Bosque County, Texas

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Bosque County
The Bosque County Courthouse in Meridian
The Bosque County Courthouse in Meridian
Map of Texas highlighting Bosque County
Location within the U.S. state of Texas
Map of the United States highlighting Texas
Texas's location within the U.S.
Coordinates: 31°54′N 97°38′W / 31.9°N 97.63°W / 31.9; -97.63
Country United States
State Texas
Founded1854
Named forBosque River
SeatMeridian
Largest cityClifton
Area
 • Total1,003 sq mi (2,600 km2)
 • Land983 sq mi (2,550 km2)
 • Water20 sq mi (50 km2)  1.34%
Population
 (2020)
 • Total18,235
 • Density18/sq mi (7.0/km2)
Time zoneUTC−6 (Central)
 • Summer (DST)UTC−5 (CDT)
Congressional district25th
Websitewww.bosquecounty.us

Bosque County (/ˈbɒski/ BOS-kee) is a county located on the Edwards Plateau in the U.S. state of Texas. As of the 2020 census, the population was 18,235.[1][2] Its county seat is Meridian,[3] while Clifton is the largest city and the cultural/financial center of the county. The county is named for the Bosque River, which runs through the center of the county north to south. The Brazos River makes up the eastern border along with the Lake Whitney reservoir it feeds.[4]

Since 2015, Bosque County has been represented in the Texas House of Representatives by the Republican DeWayne Burns. The previous 10-year representative was the Republican Rob Orr of Burleson.

History[edit]

In 1721, while traveling from San Antonio de Béxar to a mission in East Texas, the Marqués de San Miguel de Aguayo ventured north from the Old San Antonio Road, and camped along the Brazos River. Near his camp was also a tributary of the Brazos, which he named the Bosque, Spanish for forest. This was the first recorded European expedition through the region.

Until the 1850s, settlement of the region that was to become Bosque County remained sparse. About a decade previous, some members of the ill-fated Texan Santa-Fe Expedition of 1841, which passed through the area, chose to stay. One particularly noteworthy attempt at settlement was the town of Kent. In 1850, the Universal Immigration Company of England purchased land for a townsite on the west side of the Brazos. After several years, 30 families were sent over by the company to settle the land, but the newly established community barely survived the first winter, suffering a number of fatalities. The following spring, the settlers planned to right the course of the settlement by purchasing some cattle and seed corn. This plan, too, would go awry, as the cattle would eat the corn before it could be harvested, because no fence was built around the corn. Eventually, the town of Kent dissolved, with most of the settlers choosing to go elsewhere, including some who returned to England.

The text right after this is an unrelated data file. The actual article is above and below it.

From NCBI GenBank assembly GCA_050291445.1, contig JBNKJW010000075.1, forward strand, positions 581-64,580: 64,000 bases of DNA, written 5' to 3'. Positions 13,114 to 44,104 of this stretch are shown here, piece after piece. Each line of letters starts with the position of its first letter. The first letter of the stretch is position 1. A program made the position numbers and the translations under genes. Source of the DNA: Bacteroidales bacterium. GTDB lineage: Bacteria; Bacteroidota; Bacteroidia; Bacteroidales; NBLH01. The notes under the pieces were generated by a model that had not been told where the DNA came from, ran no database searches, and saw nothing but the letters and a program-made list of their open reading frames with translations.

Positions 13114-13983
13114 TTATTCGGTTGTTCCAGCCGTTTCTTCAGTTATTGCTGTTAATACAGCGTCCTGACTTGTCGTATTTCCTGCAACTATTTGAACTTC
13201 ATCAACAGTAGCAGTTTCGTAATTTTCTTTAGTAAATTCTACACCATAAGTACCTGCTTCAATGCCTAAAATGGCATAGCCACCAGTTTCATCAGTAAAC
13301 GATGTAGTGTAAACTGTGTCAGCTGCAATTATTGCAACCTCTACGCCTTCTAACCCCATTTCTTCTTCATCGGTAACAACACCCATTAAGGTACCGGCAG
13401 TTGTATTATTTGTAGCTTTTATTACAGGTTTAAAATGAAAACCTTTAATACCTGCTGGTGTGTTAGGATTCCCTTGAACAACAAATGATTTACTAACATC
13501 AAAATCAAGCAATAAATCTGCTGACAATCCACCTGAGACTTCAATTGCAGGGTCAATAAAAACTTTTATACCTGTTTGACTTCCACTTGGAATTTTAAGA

Bosque County was officially created in 1854, being separated from McLennan County.[5] The first election included 3 ballot boxes: one at the junction of Steele Creek and the Brazos River, one in Meridian, and another at a live oak between Clifton and Valley Mills. This live oak became known as the Bosque County Oak. Locally the oak is known as the "Election Oak".[6]

The voters at the first election were L. H. Scrutchfield, J. K. Helton, J. N. Mabray, Capt. Underhill, James Mabray, William Gary, Gafey Gary, Isaac Gary, Matt Gary, John Robertson, John Thomas, F. M. Kell, Archie Kell, William McCurry, Jack McCurry, Lum McCurry, Samuel Locker, Nathaniel Morgan, R. S. Barnes, J. P. Locker. They elected the following county officers: L. H. Scrutchfield, Judge; P. Bryant, Sheriff; J. N. Mabray, Clerk; Isaac Gary, Assessor and Collector; Archabal Kell, Treasurer.

Geography[edit]

According to the U.S. Census Bureau, the county has a total area of 1,003 sq mi (2,600 km2), of which 983 sq mi (2,550 km2) are land and 20 square miles (52 km2) (2.0%) are covered by water.[7]

Major highways[edit]

Adjacent counties[edit]

Demographics[edit]

Historical population
Census Pop.
18602,005
18704,981148.4%
188011,217125.2%
189014,22426.8%
190017,39022.3%
191019,0139.3%
192018,032−5.2%
193015,750−12.7%
194015,7610.1%
195011,836−24.9%
196010,809−8.7%
197010,9661.5%
198013,40122.2%
199015,12512.9%
200017,20413.7%
201018,2125.9%
202018,2350.1%
U.S. Decennial Census[8]
1850–2010[9] 2010[10] 2020[11]
Bosque County, Texas - Demographic Profile
(NH = Non-Hispanic)
Race / Ethnicity Pop 2010[10] Pop 2020[11] % 2010 % 2020
White alone (NH) 14,701 13,621 80.72% 74.70%
Black or African American alone (NH) 277 244 1.52% 1.34%
Native American or Alaska Native alone (NH) 74 83 0.41% 0.46%
Asian alone (NH) 38 80 0.21% 0.44%
Pacific Islander alone (NH) 2 3 0.01% 0.02%
Some Other Race alone (NH) 9 29 0.05% 0.16%
Mixed Race/Multi-Racial (NH) 185 854 1.02% 4.68%
Hispanic or Latino (any race) 2,926 3,321 16.07% 18.21%
Total 18,212 18,235 100.00% 100.00%

Note: the US Census treats Hispanic/Latino as an ethnic category. This table excludes Latinos from the racial categories and assigns them to a separate category. Hispanics/Latinos can be of any race.

As of the census[12] of 2000, 17,204 people, 6,726 households, and 4,856 families were residing in the county. The population density was 17 people/sq mi (7/km2). The 8,644 housing units averaged 9/sq mi (3/km2). The racial makeup of the county was 90.75% White, 1.92% African American, 0.55% Native American, 0.11% Asian, 5.2% from other races, and 1.47% from two or more races. About 12.23% of the population were Hispanic or Latino of any race.